Calendar of Bridge Conferences and Seminars

Event/Date Contact

Wind Induced Vibration of Cable Stay Bridges Workshop April 25­27 St. Louis, Missouri

2006 Concrete Bridge Conference May 7­9 Reno, Nevada (Rapid Bridge Construction Conference May 10)

Carissa Hutson (573) 526-2119 [email protected] Shri Bhidé 847-972-9100 [email protected]

2006 Structures Congress May 18­20 St. Louis, Missouri (17th Analysis & Computation Specialty Conference runs May 18­21) 2006 AASHTO Subcommittee on Bridges and Structures Annual Meeting May 21­26 Snowbird, Utah

Ms. Sheana Singletary [email protected]

Kelley Rehm [email protected]

23rd Annual International Bridge Conference June 12­14 Pittsburgh, Pennsylvania

Ryan Bock (412) 261-0710 ext. 11 Fax (412) 261-1606 [email protected] Alyssa Clapp (610)758-3535 [email protected]

First International Conference on Fatigue and Fracture in the Infrastructure-- Bridges and Structures of the 21st Century August 6­9 Philadelphia, Pennsylvania

Seventh International Conference on Short and Medium Span Bridges 2006 August 23­25 Montreal, Canada

Lidia Issid (514) 393-1000 #7715 Fax: (514) 393-0156 [email protected] Jerome O'Connor (716) 645-3391 ext 107 Fax (716) 645-3399 [email protected] /5nsc/default.asp Clifford Freyermuth (602) 997-9964 [email protected]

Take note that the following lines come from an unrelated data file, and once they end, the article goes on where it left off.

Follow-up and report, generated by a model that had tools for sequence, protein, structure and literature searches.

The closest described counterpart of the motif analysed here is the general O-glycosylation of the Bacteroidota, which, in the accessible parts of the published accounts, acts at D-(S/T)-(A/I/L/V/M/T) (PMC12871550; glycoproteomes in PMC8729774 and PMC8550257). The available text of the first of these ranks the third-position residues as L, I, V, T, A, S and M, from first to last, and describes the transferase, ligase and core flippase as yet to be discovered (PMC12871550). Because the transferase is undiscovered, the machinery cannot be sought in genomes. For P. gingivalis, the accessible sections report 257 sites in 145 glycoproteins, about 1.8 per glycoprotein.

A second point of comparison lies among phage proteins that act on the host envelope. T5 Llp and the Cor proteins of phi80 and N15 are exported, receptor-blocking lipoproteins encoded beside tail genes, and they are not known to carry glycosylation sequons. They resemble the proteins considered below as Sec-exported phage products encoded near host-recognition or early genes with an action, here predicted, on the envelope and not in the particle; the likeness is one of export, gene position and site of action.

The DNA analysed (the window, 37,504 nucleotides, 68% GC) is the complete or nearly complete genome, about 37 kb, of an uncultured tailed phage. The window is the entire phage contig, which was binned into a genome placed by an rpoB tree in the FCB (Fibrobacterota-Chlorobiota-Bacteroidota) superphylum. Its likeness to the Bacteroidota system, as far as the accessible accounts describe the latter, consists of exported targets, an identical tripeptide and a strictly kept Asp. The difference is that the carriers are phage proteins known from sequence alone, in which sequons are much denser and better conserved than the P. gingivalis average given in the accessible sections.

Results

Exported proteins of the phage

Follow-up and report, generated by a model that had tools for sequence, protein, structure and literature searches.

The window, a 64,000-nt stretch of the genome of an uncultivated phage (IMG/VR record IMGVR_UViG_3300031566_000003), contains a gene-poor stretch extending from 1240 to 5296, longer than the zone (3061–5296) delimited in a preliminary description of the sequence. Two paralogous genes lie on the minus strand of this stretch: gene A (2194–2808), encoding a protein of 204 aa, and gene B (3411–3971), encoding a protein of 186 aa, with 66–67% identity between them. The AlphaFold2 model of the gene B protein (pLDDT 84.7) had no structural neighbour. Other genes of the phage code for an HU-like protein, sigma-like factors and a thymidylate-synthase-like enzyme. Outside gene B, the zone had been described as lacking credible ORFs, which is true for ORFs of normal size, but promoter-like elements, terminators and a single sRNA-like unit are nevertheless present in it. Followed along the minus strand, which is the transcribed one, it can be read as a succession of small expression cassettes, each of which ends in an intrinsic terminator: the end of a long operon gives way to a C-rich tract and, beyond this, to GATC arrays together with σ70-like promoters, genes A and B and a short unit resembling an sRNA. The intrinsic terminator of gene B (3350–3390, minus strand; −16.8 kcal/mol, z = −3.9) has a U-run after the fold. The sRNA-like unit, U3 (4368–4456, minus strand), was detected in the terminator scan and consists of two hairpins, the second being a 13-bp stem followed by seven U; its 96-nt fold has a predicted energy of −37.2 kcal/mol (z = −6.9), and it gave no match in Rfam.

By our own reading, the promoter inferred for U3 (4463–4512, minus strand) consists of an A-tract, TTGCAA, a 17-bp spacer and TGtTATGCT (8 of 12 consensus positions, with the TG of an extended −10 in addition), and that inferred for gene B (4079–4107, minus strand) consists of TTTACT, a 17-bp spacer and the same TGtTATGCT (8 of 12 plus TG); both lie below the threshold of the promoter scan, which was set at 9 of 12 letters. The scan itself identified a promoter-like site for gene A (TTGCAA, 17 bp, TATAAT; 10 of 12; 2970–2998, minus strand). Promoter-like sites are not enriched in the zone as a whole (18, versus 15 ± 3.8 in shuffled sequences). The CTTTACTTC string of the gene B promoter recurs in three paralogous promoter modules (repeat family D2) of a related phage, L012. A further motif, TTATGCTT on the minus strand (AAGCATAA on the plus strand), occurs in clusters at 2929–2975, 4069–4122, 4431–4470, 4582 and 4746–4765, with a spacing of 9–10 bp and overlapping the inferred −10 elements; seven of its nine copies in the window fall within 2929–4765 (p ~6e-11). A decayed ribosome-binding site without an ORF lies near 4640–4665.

Fifth National Seismic Conference on Bridges and Highways September 18­20 San Francisco, California

American Segmental Bridge Institute 2006 National Convention November 5­7 San Diego, California

ITN BL01 0406


Editor...............................................Ken Wall

Technical Editor.................Edward H. Power, P.E. Design.............................................HDR Graphics BRIDGELINE is a technical publication produced and distributed twice yearly by HDR. Subscription inquiries, address changes and all correspondence should be directed to:


Editor -- BridgeLine 8404 Indian Hills Drive Omaha, NE 68114-4049 (402) 399-4870 [email protected] For more information on HDR's Bridge Program, visit our home page on the World Wide Web: Volume 15, No. 1 April 2006